The following links allow you to view videos and
download pdf versions of the class notes for
CIVL 1101. Just click on the appropriate section
of the notes, and download it to your local
computer. Once you have a copy of the notes, you
can view them in
Adobe Acrobat Reader. The Acrobat Reader
also will allow you to print out copies of the
notes. If you have questions about this
procedure, please get in touch with
Dr. Camp.
Week 6
Overview
(September 2830)
Introduction to concrete as an engineering
material
By the end of Week 6, students should be able
to:
 Describe the roles of the components of
concrete
 Determine the weight of each component
in a concrete
mix using the mix ratio
 Compute the required concrete mix design
for test cylinders and beams
Instructions:
 Hand in
HWK #4 by
1 p.m. on 9/28/21
 Complete Problem Solving Chapter
2 Quiz
The quiz will be available on
eCourseware on 9/28/2021 from 1:00  1:05
p.m.
 Review the
HWK #4
(solution posted after due date)
 Review the
videos:
introduction to concrete as engineering
material
Part 1 &
Part 2 (slides)
 Review the
video:
proportioning a concrete mix (slides)
 Download the concrete mix
example problems
 After you have attempted problems,
review the
video of the solution (slides)
 Work on
HWK #5
(video
to HWK #5)
Work the problems on engineering paper
following the
Homework Format,
and then upload your scanned work to dropbox
on eCourseware by 1 p.m. on 9/29/20.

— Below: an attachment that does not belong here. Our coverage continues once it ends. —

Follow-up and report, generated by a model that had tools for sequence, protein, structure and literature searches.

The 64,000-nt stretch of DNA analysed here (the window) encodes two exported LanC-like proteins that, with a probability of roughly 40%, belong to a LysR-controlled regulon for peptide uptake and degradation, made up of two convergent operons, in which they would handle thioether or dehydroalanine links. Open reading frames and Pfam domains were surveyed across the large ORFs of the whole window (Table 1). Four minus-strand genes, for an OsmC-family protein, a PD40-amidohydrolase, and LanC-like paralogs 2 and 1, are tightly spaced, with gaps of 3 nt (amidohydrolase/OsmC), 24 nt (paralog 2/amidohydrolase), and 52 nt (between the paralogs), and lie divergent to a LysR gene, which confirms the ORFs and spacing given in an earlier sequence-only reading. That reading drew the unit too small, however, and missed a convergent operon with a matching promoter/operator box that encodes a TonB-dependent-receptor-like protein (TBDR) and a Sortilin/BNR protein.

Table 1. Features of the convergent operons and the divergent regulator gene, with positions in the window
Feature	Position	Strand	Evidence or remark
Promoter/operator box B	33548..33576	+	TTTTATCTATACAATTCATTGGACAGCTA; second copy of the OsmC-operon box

Week 5
Overview
(September 2123)
Introduction to stress and strain of
materials
By the end of Week 5, students should be able
to:
 Describe the concepts of stress and
strain in a material
 Compute stress and strain for axially
loaded elements
 Apply Hooke's Law to relate stress and
strain
Instructions:
 Upload
HWK #3 to the dropbox in eCourseware by
1 p.m. on 9/21/21
 Complete Problem Solving Chapter
1 Quiz
The quiz will be available on
eCourseware on 9/21/2021 from 1:00  1:05
p.m.
 Review the
HWK #3
solution
 Review the
video:
introduction to stress and strain (slides)
 Review the
video:
using Hooke's Law (slides)
 Download the stress/strain
example problems
 After you have attempted problems,
review the
video of the solution (slides)
 Work on
HWK #4
(video
to HWK #4)
Work the problems on engineering paper
following the
Homework Format and handed in by 1 p.m.
on 9/28/21
Week 4
Overview
(September 1416)
Introduction to topographic modeling and
contour lines
By the end of Week 4, students should be able
to:
 Recognize features of a topographic
model
 Compute grid spacing for surveying
elevation points
 Compute the location of contours lines
from elevation data using linear
interpolation
 Graph elevation data using an Excel spreadsheet
Instructions:
 Hand in
HWK #2.
Problems 1 and 2 should be done on
engineering paper following the
Homework format.
Problems 3 and 4 should be done in an Excel
spreadsheet and uploaded to the Dropbox
following the
Excel format.
All files are due in the eCourseware dropbox
by 1 p.m. on 9/14/2021.
 Review HWK #2 (solution)
 Review the
video:
introduction to topographic modeling (slides)
 Review the
video:
delineation contour lines using linear
interpolation (slides)